As an example, I was sent -not a long time ago- a pic from Bariloche of a tattoo with one of my designs (HC Chapulin Colorado). Prior to this, I was asked for permission . Also I saw that Ratos de Porao’s ( Sewage rats) singer also posted  my version of Crucified by the System , but he didn’t even mention my name!  You can find anything both in the real and in the virtual world.

-Which formats were your illustrations edited in? (Leaving aside your own-edited fanzines and books).

The most exotic format was a wooden toy for very young children, crafted by a fanzine-fellow called Beto Beles - Subsuelo Insurgente zine ( Insurgent Underground zine) from Venezuela. A sculpure of the logo toy  which I  designed for the Municomio (Grand Bourg/BA). Also some skull flower crafted in metal by Kasa Noise’s punky (Paso del Rey/BA)... There are also murals/tattoos/ screenprinting stuff, other zines. I had some other proposals about animation but for now this has failed to materialize.

-We know this must be tough… but choose three of your drawings you regard as classic and which have your imprint.

As the Punk Rock and Indian Ink’s intro goes: I consider “classic” or those that represent me the following: How do you destroy culture? With  torture. Another one is Punk is no violence. Anyway, any of the pieces I’ve created over the last ten years are pretty “identifiable”.

-Punk rock and Indian ink has already been published for several years now and has been reprinted twice. Tell us a little about this first experience . Did you think it would reach so many faraway spots on the planet?

Punkrock and tinta china has 4 re-editions ( 3 in Argentina and one in Mexico). The truth is that I never thought about editing it in book format. I imagined it as something very expensive and complicated.  It was on Ale Natural's insistence (Tren en Movimiento publiser) who persuaded me. It was a one-year  work . I would go to his place by train and bicycle, I would choose the material, scan-diagram, make print tests... a tedious work . That experience changed my reality as a "penciller" quite a lot. From the first book many people began to take my work "seriously". Articles  were published in several mass media. I was invited to some exhibitions abroad. I got  several requests to make art cover-flyers-designs for T-shirts ... and to date I continue working on this.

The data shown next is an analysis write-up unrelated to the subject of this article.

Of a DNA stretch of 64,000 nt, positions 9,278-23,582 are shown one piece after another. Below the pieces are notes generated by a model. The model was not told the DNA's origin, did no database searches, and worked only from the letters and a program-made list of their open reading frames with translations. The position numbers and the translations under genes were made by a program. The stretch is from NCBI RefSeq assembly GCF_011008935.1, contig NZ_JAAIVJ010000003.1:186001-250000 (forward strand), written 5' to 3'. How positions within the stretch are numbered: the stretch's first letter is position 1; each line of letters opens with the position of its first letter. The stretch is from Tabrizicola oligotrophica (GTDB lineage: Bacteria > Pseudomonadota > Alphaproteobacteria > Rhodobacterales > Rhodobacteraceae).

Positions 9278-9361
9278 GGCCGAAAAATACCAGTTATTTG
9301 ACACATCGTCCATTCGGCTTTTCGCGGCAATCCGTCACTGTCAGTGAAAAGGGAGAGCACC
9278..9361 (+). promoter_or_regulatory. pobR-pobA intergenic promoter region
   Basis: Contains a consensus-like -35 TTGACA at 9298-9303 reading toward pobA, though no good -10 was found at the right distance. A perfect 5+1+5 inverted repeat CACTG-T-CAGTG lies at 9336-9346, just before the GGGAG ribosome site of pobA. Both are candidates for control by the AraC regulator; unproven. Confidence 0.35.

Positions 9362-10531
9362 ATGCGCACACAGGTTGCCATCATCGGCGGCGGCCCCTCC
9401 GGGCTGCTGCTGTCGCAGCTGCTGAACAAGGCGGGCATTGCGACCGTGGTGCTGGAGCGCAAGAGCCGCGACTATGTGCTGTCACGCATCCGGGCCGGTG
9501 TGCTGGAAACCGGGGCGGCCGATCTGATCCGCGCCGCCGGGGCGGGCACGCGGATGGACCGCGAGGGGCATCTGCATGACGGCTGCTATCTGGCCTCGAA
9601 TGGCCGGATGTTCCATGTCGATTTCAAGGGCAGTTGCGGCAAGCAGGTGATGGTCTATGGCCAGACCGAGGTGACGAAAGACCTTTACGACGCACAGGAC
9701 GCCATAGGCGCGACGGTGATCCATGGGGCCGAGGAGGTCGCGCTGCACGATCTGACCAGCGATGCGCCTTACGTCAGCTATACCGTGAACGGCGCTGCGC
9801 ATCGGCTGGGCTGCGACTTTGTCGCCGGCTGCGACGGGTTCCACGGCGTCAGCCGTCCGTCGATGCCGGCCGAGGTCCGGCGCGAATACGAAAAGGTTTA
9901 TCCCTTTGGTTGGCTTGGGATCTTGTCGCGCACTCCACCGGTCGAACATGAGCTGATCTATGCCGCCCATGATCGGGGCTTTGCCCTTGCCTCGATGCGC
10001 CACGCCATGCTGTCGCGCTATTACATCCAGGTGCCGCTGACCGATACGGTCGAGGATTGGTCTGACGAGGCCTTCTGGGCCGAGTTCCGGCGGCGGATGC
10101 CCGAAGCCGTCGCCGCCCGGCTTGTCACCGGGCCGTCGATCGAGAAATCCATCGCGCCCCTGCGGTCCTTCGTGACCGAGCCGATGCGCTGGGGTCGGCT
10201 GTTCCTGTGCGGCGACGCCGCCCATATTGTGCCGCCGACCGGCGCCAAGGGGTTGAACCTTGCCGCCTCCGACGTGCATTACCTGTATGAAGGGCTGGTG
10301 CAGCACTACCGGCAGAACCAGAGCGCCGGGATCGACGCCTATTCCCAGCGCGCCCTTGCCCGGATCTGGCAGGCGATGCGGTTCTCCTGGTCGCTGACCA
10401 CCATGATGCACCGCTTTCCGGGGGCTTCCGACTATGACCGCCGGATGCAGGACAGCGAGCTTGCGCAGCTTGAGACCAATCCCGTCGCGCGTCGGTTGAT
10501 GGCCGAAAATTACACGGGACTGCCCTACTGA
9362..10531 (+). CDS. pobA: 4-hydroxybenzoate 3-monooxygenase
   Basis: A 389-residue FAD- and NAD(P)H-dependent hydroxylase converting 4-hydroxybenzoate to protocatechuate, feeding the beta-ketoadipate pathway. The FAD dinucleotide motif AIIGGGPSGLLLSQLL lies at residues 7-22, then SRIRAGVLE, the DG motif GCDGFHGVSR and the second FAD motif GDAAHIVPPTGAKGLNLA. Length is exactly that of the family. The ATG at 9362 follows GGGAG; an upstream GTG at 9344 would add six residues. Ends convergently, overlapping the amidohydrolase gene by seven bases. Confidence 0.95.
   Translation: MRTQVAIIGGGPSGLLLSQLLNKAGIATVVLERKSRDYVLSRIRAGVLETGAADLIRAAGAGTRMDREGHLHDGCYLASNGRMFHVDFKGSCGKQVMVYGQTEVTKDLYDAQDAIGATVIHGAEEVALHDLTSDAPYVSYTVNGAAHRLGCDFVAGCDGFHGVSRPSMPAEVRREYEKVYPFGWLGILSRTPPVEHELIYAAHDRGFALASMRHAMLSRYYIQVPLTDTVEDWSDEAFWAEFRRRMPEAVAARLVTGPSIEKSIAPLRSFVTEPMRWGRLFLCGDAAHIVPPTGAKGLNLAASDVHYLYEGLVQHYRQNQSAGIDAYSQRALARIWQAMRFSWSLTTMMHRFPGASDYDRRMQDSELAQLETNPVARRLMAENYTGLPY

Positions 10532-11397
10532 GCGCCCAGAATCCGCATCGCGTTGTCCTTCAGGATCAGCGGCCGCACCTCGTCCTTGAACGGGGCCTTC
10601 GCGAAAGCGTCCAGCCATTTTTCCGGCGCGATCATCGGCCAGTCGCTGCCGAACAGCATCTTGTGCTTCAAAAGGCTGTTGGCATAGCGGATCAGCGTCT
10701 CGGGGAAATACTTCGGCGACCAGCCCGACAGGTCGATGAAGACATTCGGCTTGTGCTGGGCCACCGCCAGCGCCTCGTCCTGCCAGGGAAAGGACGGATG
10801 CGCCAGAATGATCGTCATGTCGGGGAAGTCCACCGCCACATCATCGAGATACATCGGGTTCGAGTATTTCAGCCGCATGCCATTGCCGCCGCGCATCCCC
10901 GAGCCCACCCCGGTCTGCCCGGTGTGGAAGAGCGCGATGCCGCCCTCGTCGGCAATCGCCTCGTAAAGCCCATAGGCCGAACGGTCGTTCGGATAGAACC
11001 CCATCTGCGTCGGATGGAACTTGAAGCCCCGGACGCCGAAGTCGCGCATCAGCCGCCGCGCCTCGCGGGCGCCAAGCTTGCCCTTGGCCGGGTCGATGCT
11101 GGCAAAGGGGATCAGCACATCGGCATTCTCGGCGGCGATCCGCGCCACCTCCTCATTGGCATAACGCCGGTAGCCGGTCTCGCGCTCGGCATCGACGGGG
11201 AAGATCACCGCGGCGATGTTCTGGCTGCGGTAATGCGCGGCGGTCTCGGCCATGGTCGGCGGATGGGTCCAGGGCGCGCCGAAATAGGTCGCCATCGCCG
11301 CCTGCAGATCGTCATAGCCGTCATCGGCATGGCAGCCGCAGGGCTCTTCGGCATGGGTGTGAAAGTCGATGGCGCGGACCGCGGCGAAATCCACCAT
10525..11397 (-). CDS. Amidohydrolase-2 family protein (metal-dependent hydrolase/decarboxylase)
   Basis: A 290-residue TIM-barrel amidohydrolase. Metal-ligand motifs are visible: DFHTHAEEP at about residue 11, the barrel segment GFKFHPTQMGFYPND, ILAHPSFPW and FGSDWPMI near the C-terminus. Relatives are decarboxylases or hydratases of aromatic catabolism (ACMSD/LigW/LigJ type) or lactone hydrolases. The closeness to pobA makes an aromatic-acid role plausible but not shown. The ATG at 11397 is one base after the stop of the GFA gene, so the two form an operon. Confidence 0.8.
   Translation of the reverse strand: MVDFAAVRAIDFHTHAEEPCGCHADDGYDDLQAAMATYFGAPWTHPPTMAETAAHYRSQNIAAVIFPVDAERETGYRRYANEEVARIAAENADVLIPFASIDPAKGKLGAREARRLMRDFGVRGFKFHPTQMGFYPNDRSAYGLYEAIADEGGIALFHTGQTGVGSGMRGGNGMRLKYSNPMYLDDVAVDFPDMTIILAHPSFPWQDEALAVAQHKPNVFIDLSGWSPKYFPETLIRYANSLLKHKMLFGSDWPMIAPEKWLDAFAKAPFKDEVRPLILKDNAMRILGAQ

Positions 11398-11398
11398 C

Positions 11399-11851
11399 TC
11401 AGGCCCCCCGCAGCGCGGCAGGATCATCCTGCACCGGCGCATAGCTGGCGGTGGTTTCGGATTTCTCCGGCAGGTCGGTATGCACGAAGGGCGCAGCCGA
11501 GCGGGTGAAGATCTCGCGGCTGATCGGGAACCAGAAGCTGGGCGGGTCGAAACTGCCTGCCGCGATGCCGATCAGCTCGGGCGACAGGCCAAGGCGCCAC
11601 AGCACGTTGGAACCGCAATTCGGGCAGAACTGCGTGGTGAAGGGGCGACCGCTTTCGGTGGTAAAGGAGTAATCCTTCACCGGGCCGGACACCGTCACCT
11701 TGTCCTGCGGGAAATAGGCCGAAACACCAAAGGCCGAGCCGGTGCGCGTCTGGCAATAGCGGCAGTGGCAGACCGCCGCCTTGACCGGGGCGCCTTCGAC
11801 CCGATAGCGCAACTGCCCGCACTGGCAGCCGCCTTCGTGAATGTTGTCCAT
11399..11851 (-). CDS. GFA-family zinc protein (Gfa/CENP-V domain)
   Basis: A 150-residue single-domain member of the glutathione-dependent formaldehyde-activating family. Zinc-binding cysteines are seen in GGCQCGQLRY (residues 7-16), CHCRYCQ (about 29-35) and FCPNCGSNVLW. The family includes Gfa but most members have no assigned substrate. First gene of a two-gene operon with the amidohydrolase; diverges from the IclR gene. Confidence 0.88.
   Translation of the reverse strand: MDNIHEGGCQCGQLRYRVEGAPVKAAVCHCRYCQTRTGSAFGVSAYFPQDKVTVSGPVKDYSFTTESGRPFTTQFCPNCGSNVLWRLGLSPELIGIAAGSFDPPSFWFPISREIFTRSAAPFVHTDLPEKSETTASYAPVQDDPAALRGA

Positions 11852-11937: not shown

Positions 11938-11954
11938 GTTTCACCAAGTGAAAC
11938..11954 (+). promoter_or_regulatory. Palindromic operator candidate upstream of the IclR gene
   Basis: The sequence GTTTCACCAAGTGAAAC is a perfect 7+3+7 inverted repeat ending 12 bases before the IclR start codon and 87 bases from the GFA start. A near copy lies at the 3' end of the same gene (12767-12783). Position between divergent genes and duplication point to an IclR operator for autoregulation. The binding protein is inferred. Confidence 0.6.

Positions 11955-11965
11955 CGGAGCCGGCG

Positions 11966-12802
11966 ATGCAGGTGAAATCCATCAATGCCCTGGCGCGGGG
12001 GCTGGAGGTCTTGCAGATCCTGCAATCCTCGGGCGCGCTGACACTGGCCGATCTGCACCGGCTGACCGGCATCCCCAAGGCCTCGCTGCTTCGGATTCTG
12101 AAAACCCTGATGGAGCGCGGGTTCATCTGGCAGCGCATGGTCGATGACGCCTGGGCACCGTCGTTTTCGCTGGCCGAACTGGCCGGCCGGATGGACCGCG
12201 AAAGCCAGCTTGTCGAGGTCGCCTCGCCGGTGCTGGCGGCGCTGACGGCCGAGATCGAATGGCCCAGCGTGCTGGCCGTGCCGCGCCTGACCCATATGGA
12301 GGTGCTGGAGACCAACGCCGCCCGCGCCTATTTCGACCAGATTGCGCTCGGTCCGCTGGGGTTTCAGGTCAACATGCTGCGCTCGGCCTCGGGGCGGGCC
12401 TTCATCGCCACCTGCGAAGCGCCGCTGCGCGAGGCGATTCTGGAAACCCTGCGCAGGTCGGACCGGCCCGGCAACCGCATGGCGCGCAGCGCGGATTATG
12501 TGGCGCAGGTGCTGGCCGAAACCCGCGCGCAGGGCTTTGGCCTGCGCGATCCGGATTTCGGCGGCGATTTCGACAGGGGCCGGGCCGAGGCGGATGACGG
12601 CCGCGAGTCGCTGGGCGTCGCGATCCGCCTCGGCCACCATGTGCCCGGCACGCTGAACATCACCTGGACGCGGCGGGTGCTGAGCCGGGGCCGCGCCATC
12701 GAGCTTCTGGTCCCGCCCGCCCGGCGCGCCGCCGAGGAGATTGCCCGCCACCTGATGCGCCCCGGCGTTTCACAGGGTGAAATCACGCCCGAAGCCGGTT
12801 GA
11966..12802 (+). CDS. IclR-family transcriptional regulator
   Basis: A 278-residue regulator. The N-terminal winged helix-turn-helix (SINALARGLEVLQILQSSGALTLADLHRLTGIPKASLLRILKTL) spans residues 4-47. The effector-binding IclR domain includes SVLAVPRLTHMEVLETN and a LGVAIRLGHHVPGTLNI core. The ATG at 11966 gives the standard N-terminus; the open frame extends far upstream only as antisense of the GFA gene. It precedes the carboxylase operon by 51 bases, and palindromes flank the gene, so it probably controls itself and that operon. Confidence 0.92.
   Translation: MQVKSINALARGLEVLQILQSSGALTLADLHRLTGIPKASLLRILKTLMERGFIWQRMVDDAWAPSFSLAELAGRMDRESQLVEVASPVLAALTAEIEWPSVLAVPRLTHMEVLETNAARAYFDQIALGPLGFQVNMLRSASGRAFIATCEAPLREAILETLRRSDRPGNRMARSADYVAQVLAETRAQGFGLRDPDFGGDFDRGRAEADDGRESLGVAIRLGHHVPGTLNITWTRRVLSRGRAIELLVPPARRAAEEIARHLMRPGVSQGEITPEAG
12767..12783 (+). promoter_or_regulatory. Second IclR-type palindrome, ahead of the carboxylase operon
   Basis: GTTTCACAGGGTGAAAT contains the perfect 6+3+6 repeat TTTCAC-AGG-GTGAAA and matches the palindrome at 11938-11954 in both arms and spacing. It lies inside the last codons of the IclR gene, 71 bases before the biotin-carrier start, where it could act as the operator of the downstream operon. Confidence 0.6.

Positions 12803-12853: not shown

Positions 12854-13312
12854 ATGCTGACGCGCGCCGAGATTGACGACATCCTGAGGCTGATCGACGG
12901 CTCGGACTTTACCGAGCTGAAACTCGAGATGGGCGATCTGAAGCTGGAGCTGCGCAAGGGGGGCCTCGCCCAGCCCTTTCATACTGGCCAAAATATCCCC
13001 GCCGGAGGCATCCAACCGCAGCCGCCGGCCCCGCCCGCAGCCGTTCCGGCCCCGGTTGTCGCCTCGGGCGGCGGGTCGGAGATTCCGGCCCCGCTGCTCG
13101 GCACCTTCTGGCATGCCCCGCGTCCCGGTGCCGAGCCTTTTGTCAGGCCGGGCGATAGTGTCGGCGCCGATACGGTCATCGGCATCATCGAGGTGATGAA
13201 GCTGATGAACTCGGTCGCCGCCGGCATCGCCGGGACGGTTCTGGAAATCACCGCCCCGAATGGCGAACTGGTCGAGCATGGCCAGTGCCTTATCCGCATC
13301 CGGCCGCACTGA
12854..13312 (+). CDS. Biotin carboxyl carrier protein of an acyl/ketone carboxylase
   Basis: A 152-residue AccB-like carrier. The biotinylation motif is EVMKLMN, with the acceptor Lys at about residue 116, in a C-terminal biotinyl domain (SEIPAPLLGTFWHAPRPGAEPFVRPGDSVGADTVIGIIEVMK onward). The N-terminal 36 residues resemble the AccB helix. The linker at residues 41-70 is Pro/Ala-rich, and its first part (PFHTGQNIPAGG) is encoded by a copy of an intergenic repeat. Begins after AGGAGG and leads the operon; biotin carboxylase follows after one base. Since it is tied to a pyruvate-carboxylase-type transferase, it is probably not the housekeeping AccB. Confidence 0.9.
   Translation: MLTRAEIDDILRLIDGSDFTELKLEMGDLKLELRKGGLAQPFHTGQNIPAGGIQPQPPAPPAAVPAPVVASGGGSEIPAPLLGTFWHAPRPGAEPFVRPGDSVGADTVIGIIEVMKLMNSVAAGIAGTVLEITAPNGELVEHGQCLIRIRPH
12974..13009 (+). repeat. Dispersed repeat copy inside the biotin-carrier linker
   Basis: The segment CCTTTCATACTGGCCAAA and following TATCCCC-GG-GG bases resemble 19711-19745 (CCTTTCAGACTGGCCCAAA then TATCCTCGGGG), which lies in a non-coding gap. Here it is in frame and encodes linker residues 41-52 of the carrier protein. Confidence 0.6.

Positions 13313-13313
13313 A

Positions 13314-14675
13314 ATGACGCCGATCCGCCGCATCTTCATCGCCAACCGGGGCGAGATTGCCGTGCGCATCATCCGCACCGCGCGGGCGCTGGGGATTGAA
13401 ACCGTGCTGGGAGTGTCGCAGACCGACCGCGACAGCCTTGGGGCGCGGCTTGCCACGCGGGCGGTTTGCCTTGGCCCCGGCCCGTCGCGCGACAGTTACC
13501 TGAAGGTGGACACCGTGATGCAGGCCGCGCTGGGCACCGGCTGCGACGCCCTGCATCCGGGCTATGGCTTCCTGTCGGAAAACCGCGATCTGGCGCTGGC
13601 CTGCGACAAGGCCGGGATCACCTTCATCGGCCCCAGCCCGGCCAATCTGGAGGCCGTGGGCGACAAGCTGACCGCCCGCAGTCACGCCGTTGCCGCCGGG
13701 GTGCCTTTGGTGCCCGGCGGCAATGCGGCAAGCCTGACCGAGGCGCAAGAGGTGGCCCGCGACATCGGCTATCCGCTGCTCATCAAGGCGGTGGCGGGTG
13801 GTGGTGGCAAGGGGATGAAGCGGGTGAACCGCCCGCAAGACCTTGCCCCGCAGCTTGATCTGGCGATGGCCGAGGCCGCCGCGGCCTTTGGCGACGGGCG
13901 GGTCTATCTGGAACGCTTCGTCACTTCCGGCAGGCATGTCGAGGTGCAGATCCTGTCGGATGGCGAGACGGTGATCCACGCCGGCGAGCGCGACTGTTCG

Little by little,  I started "profiting” from my drawings in exchange for my time and energy and creativity. However, even today  there are people who write to  me believing that I should make them drawings for FREE just because they are “also punks"... Although this kind of attitude is, luckily,  disappearing from my way.

 I always underline that I ‘m not seeking $$ in Exchange for my work, I also accept barter for... but most people find it harsh to get rid of the capitalist logic.

Argentinian bands are understanding that cover art is a core part of the message they convey, I calculate that if it wasn't for our critical economic scenario, more people would come to me asking for my work.

My book was the first Tren en Movimiento release (nowadays TM  is one of the most renowned alternative publishers here in Argentina). It was also my first published book!

The book reached many spots. " The book around the world" arose from that idea.  It would be an album with photos friends are sending me from all over the world. Several photos from exotic places. My favourite one is in a Nepalese village where my friend Cecy gathered several local women for the pic- Cecy is the main collaborator. She has sent  pics in Malaysia, Nepal, Indonesia, Philippines, Cambodia...etc!) African lands will also appear.

-The second edition is coming soon and the first one will be reedited in Portugal, right? Let's talk a little bit about this, how the reedition was conceived and how you are selecting material for this second edition.